Date of Award


Degree Type



Maxine Goodman Levin College of Urban Affairs

First Advisor

Rosentraub, Mark

Subject Headings

Cities and towns, Migration, Internal, Quality of life, Human capital, Skilled labor, Labor mobility, Amenities, Human Capital, Migration, Panel data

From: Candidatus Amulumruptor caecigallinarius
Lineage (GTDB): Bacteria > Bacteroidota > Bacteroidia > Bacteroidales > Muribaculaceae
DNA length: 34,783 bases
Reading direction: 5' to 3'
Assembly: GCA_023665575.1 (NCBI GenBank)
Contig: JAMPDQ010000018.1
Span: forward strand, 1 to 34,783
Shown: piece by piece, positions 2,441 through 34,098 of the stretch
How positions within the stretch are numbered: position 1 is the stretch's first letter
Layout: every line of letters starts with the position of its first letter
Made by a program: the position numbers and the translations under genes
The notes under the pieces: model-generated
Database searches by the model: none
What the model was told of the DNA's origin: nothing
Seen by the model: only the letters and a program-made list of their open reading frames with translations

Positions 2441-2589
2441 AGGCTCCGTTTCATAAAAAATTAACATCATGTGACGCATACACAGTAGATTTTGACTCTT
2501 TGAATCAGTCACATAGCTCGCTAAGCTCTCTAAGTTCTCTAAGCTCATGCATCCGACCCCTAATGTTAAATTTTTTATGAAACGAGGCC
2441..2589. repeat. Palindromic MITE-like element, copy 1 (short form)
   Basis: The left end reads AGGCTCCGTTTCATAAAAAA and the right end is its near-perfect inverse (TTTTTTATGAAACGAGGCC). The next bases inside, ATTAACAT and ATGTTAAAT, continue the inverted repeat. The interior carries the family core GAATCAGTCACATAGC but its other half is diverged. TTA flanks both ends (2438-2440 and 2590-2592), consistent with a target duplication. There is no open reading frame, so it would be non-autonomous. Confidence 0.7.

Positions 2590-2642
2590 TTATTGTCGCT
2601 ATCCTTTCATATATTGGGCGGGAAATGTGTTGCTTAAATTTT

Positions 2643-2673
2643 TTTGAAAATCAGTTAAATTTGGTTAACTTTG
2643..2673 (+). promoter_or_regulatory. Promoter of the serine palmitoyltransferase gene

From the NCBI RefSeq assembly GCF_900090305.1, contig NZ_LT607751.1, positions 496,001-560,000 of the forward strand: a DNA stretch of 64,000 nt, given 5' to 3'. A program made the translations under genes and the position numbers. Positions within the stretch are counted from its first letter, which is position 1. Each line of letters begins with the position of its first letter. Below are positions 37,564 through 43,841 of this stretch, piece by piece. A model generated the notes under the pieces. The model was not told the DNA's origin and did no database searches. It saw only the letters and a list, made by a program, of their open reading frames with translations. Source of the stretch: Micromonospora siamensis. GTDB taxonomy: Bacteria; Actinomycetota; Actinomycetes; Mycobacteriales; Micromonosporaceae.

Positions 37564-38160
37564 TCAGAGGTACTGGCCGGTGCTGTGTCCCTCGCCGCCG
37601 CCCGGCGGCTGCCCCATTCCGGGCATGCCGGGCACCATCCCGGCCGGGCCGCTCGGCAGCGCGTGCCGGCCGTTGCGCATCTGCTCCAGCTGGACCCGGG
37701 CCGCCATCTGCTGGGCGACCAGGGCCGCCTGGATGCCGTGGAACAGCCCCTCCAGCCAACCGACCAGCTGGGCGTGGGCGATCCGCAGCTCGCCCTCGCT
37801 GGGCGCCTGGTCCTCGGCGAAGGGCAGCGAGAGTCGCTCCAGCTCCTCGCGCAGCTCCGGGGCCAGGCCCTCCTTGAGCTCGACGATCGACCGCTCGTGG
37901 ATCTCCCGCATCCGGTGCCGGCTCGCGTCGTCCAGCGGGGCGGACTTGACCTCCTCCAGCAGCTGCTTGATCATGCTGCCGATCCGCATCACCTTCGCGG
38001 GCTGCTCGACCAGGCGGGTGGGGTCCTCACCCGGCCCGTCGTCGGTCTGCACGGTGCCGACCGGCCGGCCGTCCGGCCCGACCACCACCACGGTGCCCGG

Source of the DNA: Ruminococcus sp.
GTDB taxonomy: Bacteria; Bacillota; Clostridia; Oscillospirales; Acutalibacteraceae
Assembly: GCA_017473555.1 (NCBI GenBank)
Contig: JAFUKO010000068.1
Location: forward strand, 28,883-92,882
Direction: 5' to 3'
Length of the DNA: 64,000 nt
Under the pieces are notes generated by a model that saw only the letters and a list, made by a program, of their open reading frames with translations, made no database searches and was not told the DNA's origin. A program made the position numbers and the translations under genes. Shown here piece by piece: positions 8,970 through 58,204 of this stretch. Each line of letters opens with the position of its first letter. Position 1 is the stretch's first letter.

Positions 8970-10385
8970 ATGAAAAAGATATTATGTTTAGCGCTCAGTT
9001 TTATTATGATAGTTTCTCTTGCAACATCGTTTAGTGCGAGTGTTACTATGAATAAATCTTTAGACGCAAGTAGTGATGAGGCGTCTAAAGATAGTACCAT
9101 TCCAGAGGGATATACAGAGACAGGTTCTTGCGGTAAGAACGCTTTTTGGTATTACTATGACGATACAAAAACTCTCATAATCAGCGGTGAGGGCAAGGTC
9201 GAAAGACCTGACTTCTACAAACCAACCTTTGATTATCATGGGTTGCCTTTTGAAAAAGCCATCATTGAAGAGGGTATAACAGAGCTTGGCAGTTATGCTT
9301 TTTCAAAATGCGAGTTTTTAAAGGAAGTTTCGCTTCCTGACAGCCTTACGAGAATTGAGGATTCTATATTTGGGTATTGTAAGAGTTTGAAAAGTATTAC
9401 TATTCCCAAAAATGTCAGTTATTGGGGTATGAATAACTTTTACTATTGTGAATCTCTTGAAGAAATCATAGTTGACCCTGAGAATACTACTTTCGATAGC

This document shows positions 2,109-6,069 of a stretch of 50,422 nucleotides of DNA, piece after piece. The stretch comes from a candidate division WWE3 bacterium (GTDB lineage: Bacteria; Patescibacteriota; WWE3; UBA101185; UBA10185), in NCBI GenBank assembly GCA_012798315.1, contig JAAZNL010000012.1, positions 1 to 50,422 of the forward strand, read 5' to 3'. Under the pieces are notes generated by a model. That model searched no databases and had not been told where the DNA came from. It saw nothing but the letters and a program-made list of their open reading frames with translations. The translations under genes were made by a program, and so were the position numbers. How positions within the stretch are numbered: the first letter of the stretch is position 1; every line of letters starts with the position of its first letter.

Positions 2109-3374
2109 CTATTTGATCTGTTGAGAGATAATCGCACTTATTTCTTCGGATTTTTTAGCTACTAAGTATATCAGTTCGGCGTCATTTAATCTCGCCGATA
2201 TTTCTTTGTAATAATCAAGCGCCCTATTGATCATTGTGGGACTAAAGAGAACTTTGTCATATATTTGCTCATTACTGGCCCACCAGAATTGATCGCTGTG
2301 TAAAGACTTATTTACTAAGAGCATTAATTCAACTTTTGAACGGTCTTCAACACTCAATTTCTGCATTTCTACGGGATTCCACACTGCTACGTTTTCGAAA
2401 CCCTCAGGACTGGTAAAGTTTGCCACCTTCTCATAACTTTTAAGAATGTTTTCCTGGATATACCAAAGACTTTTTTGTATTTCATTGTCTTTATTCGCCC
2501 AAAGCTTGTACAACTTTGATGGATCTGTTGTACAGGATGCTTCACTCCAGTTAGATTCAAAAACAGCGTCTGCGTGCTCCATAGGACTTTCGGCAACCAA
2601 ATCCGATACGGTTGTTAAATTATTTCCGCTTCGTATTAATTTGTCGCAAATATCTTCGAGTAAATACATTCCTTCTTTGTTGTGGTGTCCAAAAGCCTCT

Across the past two decades, public officials have debated and social scientists have studied the importance of tourist amenities in attracting and retaining human capital. Few studies, however, have examined the relationship between tourist amenities and the migration of educated workers. Information of this nature is needed by public officials considering the best use of tax dollars to attract human capital and advance local economies. This dissertation addresses this need an analysis of the relationship between built amenities and the migration of educated workers. This study's focus was on the importance of built amenities such as sports facilities, museums, and restaurants. Public investments can change the distribution of these amenities in contrast, the advantages provided by natural amenities (e.g., weather, coastlines, and mountains) are less susceptible to public interventions. For that reason, areas lacking in those assets have focused on sports, the arts, and culture to attract human capital. Knowing if any of those investments have an effect on migration patterns is essential for cities across the North American Midwest and in many other parts of the world. This study focused on both migration (attraction) and non-movement (retention) of different types (age, education) of workers. Empirical tests using IPUMS (Integrated Public Use Micro-data Series) data between 2005 and 2008 show that small tourist amenities help retain workers while some big amenities do have an impact on the immigration of some groups of educated workers. These findings can help cities create the desired environments to foster attraction and retention of educated workers for economic development